Huggingface’s datasets package has proven to be 🔥 for sharing NLP datasets. So, why aren’t people sharing other types of datasets? Well, frankly, idk. So, lets be the change we wanna see in the world and start sharing our own 😎.

This post will walk you through sharing an image classification dataset on HuggingFace’s Dataset Hub with minimal friction. We’ll use Microsoft’s Cats and Dogs dataset as an example.

When we're done, you'll be able to do something like this

## Data Preparation

curl -O https://download.microsoft.com/download/3/E/1/3E1C3F21-ECDB-4869-8368-6DEBA77B919F/kagglecatsanddogs_3367a.zip
unzip -q kagglecatsanddogs_3367a.zip


This will create a new directory called PetImages, which has two folders - Cat/ and Dog/ within it. These directories both hold images corresponding to their names.

### Fixing Corrupted Images

Unfortunately, the dataset comes with corrupted images. These will really screw you up when training, so we’ll need to get rid of them. To do so, we’ll use a script modified from keras’s documentation. You’ll need to pip install tensorflow-cpu (or any version of tensorflow) to run it.

from pathlib import Path

import tensorflow as tf

root = Path('./PetImages')
num_skipped = 0
for folder_name in ("Cat", "Dog"):

# Loop over all image files
for fpath in (root / folder_name).glob('*'):
with fpath.open('rb') as f:
# If is_jfif, the image is fine. If not, we delete it.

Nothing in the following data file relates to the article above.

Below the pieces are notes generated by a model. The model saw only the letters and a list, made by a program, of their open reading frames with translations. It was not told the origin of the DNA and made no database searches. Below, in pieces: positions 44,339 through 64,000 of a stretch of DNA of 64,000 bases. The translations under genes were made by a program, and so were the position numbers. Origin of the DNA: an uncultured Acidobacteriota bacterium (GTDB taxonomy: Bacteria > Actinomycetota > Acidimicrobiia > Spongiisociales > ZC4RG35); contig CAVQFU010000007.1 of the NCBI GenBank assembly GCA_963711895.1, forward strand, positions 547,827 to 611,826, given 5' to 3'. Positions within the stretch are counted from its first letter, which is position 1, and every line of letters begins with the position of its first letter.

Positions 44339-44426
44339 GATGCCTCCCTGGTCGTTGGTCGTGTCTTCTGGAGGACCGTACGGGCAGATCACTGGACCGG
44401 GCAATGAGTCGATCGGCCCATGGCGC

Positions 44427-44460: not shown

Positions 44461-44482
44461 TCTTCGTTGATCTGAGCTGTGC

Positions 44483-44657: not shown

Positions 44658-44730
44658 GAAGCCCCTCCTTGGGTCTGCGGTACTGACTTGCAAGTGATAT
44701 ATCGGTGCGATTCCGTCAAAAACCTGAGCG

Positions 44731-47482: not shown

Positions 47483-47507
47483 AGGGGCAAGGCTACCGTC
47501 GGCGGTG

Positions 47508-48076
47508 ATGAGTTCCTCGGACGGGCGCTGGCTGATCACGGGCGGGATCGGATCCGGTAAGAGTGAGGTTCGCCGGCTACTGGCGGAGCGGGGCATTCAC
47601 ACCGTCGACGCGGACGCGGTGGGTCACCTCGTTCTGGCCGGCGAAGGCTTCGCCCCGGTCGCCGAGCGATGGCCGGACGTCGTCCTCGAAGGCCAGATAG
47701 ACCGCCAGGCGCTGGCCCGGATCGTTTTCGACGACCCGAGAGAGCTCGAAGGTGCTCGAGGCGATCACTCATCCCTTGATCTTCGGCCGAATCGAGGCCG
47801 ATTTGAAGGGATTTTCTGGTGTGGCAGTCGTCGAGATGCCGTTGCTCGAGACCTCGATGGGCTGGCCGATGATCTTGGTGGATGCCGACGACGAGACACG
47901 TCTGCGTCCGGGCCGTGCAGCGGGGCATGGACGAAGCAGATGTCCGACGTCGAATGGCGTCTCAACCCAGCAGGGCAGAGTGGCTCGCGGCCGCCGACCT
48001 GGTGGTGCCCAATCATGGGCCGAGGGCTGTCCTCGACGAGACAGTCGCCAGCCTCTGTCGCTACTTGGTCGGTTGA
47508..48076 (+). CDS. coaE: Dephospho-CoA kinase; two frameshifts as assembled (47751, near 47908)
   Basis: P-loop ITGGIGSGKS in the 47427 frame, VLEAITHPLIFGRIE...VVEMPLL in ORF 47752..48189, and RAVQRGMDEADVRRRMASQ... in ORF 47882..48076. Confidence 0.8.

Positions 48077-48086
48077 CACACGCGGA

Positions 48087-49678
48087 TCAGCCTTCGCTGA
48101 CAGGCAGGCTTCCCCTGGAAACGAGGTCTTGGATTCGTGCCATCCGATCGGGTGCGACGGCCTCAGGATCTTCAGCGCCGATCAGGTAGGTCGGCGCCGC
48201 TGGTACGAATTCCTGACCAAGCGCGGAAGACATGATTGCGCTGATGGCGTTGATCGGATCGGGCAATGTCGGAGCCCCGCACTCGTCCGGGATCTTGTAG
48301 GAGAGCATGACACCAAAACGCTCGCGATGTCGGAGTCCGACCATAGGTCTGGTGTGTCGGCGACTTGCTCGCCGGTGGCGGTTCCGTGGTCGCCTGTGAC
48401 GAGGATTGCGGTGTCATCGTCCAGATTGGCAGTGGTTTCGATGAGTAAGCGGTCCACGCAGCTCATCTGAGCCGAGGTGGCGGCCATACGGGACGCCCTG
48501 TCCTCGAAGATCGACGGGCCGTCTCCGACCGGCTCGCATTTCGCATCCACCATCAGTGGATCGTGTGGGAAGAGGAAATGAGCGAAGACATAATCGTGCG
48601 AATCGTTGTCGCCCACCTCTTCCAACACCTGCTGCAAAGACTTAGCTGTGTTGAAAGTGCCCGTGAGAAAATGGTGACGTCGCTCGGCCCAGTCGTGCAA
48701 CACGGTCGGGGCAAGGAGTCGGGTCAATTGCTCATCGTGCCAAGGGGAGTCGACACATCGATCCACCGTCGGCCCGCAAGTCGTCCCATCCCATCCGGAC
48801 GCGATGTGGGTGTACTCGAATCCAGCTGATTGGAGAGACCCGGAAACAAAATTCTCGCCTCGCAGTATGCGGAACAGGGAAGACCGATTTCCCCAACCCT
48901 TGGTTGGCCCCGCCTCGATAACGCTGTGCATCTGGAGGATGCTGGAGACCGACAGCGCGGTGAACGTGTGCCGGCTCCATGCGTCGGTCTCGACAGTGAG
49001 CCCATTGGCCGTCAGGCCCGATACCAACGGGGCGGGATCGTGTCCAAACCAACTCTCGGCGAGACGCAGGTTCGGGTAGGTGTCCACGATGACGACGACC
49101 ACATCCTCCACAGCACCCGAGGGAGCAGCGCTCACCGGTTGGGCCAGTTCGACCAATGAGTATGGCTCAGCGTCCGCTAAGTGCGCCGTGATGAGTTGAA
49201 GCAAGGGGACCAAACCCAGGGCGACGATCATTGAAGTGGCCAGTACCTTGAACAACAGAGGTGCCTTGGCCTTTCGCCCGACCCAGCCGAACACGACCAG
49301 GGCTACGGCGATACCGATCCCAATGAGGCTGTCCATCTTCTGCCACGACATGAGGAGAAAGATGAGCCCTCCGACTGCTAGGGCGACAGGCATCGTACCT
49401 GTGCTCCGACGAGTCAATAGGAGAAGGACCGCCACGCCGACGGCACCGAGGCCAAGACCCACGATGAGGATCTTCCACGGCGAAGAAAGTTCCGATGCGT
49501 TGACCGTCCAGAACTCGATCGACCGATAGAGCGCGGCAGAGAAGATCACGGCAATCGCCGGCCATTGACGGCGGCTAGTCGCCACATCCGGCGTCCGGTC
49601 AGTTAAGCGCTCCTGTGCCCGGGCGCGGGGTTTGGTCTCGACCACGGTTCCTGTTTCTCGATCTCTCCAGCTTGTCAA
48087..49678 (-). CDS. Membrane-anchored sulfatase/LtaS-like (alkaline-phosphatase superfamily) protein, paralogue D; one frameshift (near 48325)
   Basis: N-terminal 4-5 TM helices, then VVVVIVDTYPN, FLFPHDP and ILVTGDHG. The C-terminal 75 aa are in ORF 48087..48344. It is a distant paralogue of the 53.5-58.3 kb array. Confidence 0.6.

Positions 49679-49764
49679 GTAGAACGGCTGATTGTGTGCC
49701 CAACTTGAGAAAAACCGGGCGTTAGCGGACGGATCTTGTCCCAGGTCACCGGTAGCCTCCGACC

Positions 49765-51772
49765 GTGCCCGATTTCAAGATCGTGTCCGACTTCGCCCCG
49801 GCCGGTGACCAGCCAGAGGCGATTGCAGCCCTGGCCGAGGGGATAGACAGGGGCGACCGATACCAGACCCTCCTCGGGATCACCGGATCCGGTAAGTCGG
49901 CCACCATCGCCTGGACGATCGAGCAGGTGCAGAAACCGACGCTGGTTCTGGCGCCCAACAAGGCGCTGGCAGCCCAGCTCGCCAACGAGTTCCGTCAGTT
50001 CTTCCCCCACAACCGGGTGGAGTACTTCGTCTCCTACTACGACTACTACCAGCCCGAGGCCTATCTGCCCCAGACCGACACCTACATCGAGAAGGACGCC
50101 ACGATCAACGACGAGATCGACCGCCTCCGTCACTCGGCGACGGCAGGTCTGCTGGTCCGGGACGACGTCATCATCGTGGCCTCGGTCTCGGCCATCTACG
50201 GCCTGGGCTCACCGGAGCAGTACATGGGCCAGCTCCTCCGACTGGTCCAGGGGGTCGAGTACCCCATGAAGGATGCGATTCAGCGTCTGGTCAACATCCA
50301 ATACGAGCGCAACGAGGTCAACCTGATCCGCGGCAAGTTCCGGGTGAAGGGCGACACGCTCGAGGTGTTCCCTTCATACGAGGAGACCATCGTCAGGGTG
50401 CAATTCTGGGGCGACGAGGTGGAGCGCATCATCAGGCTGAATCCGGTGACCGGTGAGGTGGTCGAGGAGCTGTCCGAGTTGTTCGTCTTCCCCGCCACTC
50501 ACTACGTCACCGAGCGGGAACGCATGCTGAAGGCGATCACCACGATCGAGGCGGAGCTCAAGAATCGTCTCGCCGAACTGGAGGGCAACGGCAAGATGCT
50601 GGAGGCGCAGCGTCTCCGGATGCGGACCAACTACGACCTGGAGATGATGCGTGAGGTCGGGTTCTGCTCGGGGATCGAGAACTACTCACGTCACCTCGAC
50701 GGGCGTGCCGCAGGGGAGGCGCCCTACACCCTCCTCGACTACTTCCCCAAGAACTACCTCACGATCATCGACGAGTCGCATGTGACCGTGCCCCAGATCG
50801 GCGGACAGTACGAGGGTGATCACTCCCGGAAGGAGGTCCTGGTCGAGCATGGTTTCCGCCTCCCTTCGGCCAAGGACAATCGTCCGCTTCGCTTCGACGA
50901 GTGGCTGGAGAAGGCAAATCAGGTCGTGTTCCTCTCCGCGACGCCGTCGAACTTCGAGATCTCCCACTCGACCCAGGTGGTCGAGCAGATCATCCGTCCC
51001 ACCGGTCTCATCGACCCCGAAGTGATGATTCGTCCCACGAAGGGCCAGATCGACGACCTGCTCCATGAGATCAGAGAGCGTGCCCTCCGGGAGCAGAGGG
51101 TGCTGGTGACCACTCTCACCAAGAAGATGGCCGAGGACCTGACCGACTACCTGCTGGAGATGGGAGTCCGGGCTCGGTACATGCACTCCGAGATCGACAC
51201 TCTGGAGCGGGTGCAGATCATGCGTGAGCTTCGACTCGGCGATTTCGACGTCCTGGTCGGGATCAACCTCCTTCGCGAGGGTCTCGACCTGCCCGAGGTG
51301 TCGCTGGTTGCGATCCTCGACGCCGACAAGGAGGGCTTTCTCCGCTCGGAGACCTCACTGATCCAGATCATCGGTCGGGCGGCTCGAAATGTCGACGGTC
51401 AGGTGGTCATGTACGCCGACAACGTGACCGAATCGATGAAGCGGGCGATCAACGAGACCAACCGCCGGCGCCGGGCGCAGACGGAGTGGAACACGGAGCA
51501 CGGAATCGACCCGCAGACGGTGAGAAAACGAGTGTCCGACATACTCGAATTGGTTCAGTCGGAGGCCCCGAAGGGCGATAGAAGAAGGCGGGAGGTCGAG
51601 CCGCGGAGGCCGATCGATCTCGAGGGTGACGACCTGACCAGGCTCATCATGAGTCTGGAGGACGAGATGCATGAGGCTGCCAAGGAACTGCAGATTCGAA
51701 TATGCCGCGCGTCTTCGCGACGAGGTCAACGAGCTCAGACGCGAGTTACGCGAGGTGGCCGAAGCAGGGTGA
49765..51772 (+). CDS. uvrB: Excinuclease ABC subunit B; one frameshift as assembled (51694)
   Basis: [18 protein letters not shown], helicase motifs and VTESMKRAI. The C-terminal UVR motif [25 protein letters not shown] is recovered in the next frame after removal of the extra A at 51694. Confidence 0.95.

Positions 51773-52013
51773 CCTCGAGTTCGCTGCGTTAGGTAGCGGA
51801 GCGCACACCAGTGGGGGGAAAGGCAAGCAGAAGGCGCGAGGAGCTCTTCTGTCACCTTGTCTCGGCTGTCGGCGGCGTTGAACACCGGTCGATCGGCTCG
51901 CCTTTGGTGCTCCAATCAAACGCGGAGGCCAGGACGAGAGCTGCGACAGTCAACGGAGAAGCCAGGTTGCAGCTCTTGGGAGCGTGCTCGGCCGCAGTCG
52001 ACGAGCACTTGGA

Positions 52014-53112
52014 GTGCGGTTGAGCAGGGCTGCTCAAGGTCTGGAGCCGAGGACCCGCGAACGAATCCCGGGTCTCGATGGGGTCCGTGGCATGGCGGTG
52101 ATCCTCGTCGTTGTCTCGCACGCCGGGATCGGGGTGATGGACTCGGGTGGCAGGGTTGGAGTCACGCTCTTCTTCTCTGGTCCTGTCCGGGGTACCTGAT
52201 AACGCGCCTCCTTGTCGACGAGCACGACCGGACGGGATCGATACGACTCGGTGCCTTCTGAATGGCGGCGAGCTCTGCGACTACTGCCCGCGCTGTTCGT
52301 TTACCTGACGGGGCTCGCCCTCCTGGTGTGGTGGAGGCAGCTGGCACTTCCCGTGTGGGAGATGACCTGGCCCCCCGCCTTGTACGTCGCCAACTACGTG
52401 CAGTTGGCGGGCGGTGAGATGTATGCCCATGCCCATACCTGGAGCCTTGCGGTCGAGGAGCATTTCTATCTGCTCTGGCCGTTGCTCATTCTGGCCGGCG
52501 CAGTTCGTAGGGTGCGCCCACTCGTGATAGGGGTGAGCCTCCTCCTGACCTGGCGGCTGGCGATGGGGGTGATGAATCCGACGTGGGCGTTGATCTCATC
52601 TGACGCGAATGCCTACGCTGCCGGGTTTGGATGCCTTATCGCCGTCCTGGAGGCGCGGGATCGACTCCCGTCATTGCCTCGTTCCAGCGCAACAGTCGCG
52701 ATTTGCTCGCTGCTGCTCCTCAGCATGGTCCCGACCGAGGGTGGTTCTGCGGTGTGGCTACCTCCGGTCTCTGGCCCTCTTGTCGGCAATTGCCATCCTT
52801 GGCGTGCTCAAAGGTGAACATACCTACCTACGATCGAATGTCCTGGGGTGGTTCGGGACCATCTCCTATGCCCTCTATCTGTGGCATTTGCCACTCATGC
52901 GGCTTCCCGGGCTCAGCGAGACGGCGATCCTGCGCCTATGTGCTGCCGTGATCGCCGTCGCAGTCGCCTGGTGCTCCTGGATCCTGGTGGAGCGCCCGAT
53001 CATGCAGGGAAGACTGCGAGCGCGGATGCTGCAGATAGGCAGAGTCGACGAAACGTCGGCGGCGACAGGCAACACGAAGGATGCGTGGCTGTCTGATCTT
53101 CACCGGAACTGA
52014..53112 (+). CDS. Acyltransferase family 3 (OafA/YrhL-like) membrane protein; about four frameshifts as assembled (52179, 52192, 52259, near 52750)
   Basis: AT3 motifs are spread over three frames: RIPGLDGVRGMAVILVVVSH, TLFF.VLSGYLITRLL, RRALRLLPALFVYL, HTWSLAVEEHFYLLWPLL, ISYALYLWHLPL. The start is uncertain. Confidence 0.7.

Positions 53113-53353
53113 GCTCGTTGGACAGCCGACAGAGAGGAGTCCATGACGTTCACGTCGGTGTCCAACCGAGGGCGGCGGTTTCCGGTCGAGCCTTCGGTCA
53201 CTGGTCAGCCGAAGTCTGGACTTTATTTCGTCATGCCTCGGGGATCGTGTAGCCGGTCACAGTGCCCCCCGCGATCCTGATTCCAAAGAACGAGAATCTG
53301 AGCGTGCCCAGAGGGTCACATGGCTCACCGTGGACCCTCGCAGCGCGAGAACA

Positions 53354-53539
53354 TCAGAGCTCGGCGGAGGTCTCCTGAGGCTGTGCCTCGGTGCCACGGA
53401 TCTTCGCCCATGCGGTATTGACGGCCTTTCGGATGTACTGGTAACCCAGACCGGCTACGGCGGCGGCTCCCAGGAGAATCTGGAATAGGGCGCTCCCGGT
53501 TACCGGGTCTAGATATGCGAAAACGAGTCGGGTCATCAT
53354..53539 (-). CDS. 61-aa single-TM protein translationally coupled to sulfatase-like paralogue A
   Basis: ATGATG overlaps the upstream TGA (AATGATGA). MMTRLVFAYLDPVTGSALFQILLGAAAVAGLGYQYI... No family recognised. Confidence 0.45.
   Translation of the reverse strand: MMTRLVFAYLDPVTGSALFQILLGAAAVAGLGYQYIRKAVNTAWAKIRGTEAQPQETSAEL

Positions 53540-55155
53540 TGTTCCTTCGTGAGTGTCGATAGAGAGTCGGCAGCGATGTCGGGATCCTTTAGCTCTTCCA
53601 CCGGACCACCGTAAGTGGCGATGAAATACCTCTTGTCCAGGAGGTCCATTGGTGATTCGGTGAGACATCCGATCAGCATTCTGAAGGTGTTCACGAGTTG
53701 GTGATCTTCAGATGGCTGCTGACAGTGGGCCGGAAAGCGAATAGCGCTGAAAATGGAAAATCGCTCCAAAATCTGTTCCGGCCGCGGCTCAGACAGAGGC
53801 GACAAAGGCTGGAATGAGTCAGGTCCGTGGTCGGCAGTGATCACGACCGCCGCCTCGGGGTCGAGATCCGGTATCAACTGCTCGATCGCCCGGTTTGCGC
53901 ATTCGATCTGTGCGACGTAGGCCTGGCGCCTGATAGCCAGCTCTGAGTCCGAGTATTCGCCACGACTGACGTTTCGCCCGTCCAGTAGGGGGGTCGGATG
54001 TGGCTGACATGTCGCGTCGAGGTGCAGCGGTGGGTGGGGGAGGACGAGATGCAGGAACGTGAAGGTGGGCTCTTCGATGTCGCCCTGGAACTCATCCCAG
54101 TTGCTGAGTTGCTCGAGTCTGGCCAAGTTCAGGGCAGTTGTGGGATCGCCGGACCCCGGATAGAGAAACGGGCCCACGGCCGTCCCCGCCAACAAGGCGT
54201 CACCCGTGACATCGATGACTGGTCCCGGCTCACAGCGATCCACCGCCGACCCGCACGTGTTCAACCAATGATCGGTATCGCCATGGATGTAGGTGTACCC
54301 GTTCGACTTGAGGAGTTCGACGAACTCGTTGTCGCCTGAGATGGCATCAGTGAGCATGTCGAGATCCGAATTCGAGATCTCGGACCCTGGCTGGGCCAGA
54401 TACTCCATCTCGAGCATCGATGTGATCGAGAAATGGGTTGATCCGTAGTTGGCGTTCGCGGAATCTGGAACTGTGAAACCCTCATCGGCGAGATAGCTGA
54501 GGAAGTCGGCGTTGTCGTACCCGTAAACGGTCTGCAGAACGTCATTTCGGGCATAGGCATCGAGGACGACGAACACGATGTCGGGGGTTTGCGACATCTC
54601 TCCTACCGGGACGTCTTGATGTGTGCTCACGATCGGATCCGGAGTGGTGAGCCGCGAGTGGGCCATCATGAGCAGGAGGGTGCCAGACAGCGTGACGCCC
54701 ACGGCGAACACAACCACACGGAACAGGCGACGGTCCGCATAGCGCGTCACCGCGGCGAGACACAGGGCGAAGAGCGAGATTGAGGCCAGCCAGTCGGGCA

is_jfif = tf.compat.as_bytes('JFIF') in f.peek(10)
if is_jfif:
continue

num_skipped+=1

# Deletes the file

print("Deleted %d images" % num_skipped)


### Exporting to Bytes

We can actually take that script above and modify it slightly to export our images as bytes. Representing the images as bytes instead of files makes them play nice with pyarrow, and subsequently Huggingface’s datasets package.

Here, we basically do the same thing, except when we come across valid images, we store them in a list of dicts called examples. Each dict will look like:

{'img_bytes': <the bytes>, 'labels': <the string label>}


After gathering all the examples, we simply save them as a pickle file, train.pt. This will be the source data we upload to the hub.

import pickle
from pathlib import Path

import tensorflow as tf

root = Path('./PetImages')
num_skipped = 0
examples = []
for folder_name in ("Cat", "Dog"):
for fpath in (root / folder_name).glob('*'):
with fpath.open('rb') as f:
is_jfif = tf.compat.as_bytes('JFIF') in f.peek(10)
if is_jfif:
continue

num_skipped+=1

print("Deleted %d images" % num_skipped)

with Path("train.pt").open('wb') as f:
pickle.dump(examples, f)


🤓 The preparation script can also be found in in my repo

## Sharing our Dataset

Now, we can share our dataset with the world! Let’s see how that works…

First, create a repo on HuggingFace’s hub. You’ll need an account to do so, so go sign up if you haven’t already! Also, you’ll need git-lfs , which can be installed from here.

huggingface-cli repo create cats-and-dogs --type dataset


Then, cd into that repo and make sure git lfs is enabled.

cd cats-and-dogs/
git lfs install


After that, we can copy our train.pt file into that repo.

🚨 Make sure to git lfs track your source file before adding/commiting it 🚨

cp ../train.pt .
git lfs track *.pt